We started out with the spinach dip and were sadly disappointed. It is served in a large ramekin flanked by two smaller ramekins with sour cream and salsa. I found the accompaniments odd and the spinach dip boring.

Each of us had a different meal. Mac the French dip; Swooze the chicken tenders; Walsh had the chicken sandwich; and I had the inside out spicy tuna roll salad. Oddly, I didn’t try anyone else’s dish (weird I know). But everyone enjoyed their meal… the chicken nuggets were dipped in a tempura batter which I thought was weird, but just a preference.  My salad was heightened by their offering of Ponzu sauce (instead of soy) to dip my sushi in. I wanted to drink the Ponzu and am now obsessed with acquiring their recipe.

Overall Houston’s was good, but from now on I will stick to the Cherry Creek Grill.

Monday, February 8, 2010

Twisted Olive: Friday night dinner

Mac and I ate dinner out last Friday and we tried out a new(ish) restaurant Twisted Olive. It is in my neighborhood and sounded great - Twisted Olive: is an ultra lounge with a full service restaurant and bar. Nightly Features and Themes include Mediterranean dinner creations. We got to the restaurant at about 8:00 and were seated immediately, which is amazing because the restaurant has only around five non-bar tables, which might be an inaccurate estimate because of the live music and the crowd that was there. The live music was great, but not fun for a couple trying to have a relaxing Friday evening dinner (I can only blame myself for the lack of appropriate research.)   But the music was great and everyone seemed to be having a great time.  We were tucked away in cubby type tables, which were nice but not decorated for maximum comfort: there where high back chairs where there should have been upholstered benches and there were doors to the outside that were inside each cubby that were horribly drafty and I had to wear my coat the entire meal.

The drinks, were superb as advertised this place is a true martini bar.   There were a ton of martini's on the menu and every single one of them we tried was delicious.

The food, well despite the unusual dinner atmosphere the food was excellent. I had a hamburger Panini with one of the best ceasar salads and Mac had the grilled salmon (Salmon on Puff Pastry, topped with a White Wine Butter sauce, Tomatoes, Garlic, and Feta) which was amazing.   My only complaint about the food was dessert: I had the baked apple dessert, which was filled with what can only be described as canned apple filling and was raw and doughy in the middle. Mac had the strawberry ice cream sandwich, which was ice cream with strawberry meringue cookies and fresh strawberries.   When the plate arrived the strawberries that were on that plate were horrible, they looked like strawberries picked in January might.   They should have made a strawberry sauce instead which can be made with frozen strawberries then their would be a flavorful sauce and you wouldn't have to place a green-tasteless strawberries on a dessert plate.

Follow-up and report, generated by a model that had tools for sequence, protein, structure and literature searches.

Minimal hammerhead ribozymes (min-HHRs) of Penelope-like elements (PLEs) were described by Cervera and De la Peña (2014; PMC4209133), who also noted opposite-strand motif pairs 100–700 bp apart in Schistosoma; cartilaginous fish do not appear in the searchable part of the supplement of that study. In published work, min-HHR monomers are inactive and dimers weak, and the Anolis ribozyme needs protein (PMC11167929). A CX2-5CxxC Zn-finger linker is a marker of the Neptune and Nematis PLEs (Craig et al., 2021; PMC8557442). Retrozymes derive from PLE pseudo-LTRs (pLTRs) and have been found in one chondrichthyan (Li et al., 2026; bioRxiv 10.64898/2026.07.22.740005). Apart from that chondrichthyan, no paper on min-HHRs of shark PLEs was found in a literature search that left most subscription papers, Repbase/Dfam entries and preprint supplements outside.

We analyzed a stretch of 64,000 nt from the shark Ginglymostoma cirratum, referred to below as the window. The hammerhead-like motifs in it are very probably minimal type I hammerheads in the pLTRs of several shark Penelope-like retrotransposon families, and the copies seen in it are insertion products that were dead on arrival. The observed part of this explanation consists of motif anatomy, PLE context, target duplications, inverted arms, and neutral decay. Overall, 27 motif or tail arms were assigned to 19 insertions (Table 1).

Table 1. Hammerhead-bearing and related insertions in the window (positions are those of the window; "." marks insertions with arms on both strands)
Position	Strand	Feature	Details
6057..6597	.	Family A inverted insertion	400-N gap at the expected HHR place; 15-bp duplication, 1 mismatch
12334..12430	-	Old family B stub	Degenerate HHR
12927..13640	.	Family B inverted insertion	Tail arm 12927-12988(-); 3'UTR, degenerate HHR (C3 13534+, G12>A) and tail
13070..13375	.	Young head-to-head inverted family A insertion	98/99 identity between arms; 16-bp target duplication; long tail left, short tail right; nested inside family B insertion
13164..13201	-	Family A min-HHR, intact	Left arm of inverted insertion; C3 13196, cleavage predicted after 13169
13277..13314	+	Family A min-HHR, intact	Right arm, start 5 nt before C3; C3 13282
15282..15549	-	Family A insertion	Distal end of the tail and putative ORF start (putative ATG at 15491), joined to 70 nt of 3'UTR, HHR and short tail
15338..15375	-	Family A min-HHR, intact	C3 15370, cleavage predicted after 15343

Friday, February 5, 2010

My memory has just been sold

Struggling at work and life today.   Over indulged in wine with some girlfriends last night and found myself at midnight dancing and singing Centerfold by the J. Giles Band in Walsh's living room.  

I have nothing today, except a headache.

Thursday, February 4, 2010

Phoenician Kabob aka dinner with Pikas

So, I am lucky.   I live in a town with one of my dearest high school friends, which may to many of you not sound like that big of a feat.   But, it is because we both went to a boarding school about 500 miles away.   I don't get to see her that often (even though we live about 5 miles from each other) because she has recently gone back to school to get her masters degree.   Pikas is a lovely individual to be around, she is: positive, creative and funny... plus she gets me, I guess that is what knowing each other for 25 years will do.  

Last night we had dinner at the Phoenician Kebab.   And I must say, including the company it was a PERFECT dining experience.   I happen to love middle eastern and mediterranean food, it is my favorite.   So the worst part of the evening was actually having to decide on what to eat.   I had the Sultans Combo - Gyros, chicken, falafel, hummus, baba gannouj, tabbouleh and stuffed grape leaves - which they should rename as Sultans Delight.   This meal pretty much encompassed everything that is declicious and right with this resturant... even the stuffed grape leaves were homemade.  

One other fantastic part of the evening was the owner's wife, the lovely school teacher Victoria, spoke with us numerous times to make sure our meal was delicious and to even tell us what was in their lovely garlic sauce, which Heather and I had been debating the contents of for at least 10 minutes.    Victoria also took down our email addresses and promised to email their specials to us. 

This is a not-to-be-missed resturant that I fear is being overlooked on this Denver dining scene because of its location.

Wednesday, February 3, 2010

The Mixed Tape...

The making of a great compilation tape, like breaking up, is hard to do and takes ages longer than it might seem. You gotta kick off with a killer, to grab attention. Then you got to take it up a notch, but you don't wanna blow your wad, so then you got to cool it off a notch. There are a lot of rules.   - Rob Gordon, High Fidelity